This Little Light of Mine
The book has been in good company for quite a while now, residing in my “books to read” basket with waaaayyy more than a few others. My kindred bibliophiles won’t even raise an eyebrow at the fact I’ve bought and read many others since placing it there. It’s not that I’d given it a poor potential ranking, others just jumped the line again and again. Until this morning. I awoke with familiar but not always successful summer break intentions: 3-4 mile beach walk to get the flow going, some beach yoga, meditation, reading, and then writing. I loaded up the car and went to grab a book. Chair, beach bag, towels, water, journal, pen, book, ✔️.
I arrived grateful for a scant Monday beach crowd. A gentle sea breeze quickened my step and before I thought to pay attention to how far I’d gone, I was 2 miles in, so it was time to turn around. Five coquina hearts caught my eye on the way back as well as some nice sized white cockles destined to be messenger shells, little love buoys for whatever beachgoer needs to find them. Yoga and meditation completed, I was ready to read. I think I actually got the book, “The 72 Names Of God, Technology for the Soul™” at a leave one-take-one shelf in the library of a cruise ship a few years ago. Before you stop reading, or think I’m going somewhere you’d rather not hitch a ride to, it’s not a book about religion. It is a book about spirituality, and the school of thought/discipline of Kabbalah. I’ll leave you to Google this school of Jewish mysticism, just as I did, since I knew next to nothing about it, except for the fact that maybe Madonna liked it and there might be a red string bracelet involved. My interest was further piqued by the author’s dedication, which reads ” For Josh, may The 72 Names of God give you the power to be your best self.” My inner voice immediately reminded me that I desire that power as well, so I started reading. Nothing radical, no anti-this group, pro-that group or elitist messages. I liked what I was hearing. The author speaks of connecting to our own light, shining it on the darkness of the world, increasing our consciousness, and showing unconditional kindness. All good stuff in my opinion. In addition, he clearly advises if the book doesn’t speak to you, that you should throw it in the trash. I admire that brand of humility.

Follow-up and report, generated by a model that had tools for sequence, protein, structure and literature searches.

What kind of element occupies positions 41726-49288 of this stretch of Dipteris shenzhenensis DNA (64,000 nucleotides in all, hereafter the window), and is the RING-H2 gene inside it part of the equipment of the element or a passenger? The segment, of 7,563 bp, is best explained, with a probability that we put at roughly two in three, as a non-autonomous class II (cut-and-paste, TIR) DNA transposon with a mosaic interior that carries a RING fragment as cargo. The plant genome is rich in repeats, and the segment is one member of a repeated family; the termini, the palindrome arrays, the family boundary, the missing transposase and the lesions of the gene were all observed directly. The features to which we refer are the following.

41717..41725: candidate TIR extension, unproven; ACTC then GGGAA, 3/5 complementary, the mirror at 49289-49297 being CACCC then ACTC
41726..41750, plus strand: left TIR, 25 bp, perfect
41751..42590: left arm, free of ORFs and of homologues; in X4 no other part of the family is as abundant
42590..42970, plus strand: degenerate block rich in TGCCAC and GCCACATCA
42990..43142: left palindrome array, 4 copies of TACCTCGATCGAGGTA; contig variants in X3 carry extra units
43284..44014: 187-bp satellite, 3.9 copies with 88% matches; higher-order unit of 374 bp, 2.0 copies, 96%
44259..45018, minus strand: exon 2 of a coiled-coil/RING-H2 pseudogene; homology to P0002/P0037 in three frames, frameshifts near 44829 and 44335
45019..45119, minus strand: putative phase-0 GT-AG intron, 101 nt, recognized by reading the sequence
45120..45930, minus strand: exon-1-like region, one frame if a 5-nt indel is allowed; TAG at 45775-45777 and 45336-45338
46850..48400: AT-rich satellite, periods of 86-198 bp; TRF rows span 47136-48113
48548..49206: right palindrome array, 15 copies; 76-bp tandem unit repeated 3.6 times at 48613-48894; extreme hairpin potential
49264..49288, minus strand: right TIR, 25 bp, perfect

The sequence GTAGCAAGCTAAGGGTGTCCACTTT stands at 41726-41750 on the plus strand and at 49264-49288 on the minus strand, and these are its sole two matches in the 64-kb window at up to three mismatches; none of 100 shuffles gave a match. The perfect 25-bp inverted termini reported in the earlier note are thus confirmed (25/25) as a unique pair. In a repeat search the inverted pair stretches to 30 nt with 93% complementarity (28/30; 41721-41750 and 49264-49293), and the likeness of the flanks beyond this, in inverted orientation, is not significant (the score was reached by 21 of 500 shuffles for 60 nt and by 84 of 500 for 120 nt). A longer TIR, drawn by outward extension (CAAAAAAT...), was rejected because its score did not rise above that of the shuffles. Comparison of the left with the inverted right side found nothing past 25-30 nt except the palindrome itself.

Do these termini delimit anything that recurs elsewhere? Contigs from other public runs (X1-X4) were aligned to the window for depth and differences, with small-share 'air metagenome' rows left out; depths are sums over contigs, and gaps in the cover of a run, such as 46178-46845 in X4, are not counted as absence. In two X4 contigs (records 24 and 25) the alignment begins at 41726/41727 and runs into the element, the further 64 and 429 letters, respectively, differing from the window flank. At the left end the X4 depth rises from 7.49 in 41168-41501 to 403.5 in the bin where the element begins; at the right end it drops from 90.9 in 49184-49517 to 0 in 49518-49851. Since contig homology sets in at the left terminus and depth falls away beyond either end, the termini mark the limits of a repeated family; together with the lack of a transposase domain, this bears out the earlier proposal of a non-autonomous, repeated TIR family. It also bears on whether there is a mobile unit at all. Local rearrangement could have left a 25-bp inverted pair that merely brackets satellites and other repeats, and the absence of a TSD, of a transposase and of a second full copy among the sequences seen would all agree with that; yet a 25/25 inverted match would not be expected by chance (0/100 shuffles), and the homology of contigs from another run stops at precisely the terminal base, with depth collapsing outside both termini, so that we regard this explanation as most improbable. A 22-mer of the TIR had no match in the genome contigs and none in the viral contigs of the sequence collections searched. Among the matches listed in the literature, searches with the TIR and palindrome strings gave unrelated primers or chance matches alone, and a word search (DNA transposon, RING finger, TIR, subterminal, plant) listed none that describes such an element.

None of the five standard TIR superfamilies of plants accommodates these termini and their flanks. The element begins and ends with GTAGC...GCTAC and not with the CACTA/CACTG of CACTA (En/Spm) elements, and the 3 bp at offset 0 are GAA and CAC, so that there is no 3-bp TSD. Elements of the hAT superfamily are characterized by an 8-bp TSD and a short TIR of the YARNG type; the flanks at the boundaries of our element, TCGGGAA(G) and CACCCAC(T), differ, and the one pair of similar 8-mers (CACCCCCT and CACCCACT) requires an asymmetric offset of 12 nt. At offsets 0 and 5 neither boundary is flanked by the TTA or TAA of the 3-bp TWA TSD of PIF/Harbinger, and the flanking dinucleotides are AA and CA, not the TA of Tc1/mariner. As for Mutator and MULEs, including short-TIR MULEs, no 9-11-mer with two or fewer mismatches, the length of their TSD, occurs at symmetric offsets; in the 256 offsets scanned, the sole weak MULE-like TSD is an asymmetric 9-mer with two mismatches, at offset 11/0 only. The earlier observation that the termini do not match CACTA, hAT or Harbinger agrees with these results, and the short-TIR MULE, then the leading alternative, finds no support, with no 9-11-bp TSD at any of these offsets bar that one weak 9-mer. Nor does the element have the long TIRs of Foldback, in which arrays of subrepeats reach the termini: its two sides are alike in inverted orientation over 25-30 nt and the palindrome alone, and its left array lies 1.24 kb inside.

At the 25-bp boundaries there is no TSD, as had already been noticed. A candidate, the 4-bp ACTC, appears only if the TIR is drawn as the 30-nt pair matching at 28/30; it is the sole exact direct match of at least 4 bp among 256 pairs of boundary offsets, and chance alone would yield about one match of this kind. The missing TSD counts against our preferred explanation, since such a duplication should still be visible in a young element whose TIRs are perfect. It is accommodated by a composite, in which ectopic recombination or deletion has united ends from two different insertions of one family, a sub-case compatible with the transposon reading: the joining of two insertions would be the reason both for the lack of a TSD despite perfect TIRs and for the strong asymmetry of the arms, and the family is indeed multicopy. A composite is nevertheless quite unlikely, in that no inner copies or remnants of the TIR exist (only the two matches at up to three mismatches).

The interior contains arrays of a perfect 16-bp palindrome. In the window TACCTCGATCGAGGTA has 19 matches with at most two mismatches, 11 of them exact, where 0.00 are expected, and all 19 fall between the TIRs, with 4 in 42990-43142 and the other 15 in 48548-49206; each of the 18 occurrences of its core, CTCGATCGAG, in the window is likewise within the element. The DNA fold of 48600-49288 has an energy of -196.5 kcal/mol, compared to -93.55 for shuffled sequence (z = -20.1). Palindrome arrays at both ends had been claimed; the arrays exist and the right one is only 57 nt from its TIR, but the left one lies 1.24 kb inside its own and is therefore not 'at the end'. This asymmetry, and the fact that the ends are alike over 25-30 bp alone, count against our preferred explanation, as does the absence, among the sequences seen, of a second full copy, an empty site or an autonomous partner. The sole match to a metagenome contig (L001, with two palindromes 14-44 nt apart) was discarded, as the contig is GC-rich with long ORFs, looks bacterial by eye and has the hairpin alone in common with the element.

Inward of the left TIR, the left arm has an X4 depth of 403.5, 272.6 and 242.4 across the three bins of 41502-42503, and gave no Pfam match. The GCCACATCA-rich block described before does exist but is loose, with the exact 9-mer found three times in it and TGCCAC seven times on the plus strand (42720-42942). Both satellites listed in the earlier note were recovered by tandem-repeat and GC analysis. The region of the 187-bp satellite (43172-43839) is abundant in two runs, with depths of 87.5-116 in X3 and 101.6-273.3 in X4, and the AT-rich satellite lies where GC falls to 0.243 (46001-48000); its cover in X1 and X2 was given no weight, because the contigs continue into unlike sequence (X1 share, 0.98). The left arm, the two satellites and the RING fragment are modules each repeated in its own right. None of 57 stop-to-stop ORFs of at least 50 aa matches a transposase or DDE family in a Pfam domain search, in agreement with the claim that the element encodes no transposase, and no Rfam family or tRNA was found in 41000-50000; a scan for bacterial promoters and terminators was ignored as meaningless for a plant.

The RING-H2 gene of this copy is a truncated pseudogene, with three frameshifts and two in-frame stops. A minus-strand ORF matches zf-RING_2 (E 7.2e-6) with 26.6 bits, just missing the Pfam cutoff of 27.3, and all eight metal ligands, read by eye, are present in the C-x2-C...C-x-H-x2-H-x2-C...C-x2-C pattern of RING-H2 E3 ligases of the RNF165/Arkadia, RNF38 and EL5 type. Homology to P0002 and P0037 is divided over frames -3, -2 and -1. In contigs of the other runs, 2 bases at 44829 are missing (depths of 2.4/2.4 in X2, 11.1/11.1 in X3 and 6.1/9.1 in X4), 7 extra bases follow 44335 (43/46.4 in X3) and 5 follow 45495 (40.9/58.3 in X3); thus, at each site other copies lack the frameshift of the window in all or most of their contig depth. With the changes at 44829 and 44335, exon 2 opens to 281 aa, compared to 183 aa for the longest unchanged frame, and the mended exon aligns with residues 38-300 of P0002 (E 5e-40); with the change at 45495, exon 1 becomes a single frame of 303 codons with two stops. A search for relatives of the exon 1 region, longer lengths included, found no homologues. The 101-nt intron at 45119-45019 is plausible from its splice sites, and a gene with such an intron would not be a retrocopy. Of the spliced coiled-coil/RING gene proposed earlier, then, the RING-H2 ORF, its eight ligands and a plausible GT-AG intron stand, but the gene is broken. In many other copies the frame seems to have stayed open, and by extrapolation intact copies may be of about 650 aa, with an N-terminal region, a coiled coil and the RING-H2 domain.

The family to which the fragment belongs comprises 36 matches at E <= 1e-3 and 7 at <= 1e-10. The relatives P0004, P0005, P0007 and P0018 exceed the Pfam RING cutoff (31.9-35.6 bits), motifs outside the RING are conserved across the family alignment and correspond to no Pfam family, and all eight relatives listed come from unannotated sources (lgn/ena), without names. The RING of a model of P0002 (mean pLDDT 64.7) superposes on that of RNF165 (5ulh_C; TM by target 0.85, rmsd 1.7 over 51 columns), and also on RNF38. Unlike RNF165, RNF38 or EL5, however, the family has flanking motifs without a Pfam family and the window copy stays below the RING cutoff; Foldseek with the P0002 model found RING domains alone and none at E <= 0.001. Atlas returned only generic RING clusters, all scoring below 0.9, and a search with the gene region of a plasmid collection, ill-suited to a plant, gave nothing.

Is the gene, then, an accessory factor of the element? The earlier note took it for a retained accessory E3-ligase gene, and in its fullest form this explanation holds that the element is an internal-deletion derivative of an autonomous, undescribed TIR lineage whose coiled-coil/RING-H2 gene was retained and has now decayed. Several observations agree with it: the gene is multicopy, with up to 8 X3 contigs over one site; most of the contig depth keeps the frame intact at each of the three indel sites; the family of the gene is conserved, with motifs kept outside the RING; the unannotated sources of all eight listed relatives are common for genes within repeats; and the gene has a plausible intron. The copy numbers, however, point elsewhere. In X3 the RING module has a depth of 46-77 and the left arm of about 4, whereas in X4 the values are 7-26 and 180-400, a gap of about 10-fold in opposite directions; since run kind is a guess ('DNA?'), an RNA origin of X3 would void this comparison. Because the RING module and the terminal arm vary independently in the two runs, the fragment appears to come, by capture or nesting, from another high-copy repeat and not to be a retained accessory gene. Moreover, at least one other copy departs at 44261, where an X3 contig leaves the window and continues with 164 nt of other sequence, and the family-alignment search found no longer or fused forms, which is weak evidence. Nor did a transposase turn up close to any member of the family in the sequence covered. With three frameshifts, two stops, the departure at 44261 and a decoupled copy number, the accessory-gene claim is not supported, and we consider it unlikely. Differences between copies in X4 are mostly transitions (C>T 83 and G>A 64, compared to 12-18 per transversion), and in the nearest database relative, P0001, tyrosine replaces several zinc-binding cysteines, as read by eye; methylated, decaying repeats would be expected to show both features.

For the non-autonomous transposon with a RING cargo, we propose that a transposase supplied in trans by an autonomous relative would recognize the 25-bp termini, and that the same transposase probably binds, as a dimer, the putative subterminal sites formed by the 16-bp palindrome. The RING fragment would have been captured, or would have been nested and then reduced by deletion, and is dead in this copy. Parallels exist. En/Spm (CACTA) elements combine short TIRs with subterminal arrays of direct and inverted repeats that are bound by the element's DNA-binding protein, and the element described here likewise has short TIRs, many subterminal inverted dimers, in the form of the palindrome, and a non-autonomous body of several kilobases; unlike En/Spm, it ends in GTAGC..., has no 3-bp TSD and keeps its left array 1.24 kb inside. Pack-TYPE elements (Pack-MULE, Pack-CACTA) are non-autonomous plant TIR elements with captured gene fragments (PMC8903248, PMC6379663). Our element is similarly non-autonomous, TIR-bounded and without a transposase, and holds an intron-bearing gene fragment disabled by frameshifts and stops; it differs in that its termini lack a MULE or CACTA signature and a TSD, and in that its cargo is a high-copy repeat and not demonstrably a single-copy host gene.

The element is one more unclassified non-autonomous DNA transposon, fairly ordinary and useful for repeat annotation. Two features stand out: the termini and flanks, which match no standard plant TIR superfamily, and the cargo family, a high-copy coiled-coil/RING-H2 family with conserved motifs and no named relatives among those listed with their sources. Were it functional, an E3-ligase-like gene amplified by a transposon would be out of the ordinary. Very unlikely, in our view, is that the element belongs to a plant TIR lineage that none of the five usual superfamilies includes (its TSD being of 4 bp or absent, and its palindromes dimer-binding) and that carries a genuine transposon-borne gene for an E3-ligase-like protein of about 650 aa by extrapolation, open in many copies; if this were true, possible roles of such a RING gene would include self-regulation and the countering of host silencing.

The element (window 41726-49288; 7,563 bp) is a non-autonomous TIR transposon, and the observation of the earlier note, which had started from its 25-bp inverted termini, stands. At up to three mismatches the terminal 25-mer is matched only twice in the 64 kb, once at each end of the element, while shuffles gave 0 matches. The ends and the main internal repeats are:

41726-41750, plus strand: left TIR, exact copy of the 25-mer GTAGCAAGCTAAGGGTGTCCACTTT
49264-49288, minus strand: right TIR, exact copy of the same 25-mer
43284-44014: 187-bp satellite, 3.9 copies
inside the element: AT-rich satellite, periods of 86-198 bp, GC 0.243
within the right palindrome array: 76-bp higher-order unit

As a Montessori trained educator, I espouse the belief that each of us, along with every other living thing, has a cosmic purpose and it’s our work, our mission in this life to find that purpose and contribute positively to our planet, so I also connected with the fact that the author states the point of life as:
“The purpose of your existence is to allow the full intensity of the Light to shine in your life and in this world.” No matter your profession, ” you have 2 ways to carry out your work and conduct your life:
- Through your ego, doubting or oblivious to the Light, considering only yourself.
- Through the humility of your soul, constantly finding the Light and considering the needs of others.”
#2 obviously makes for a better world in my book.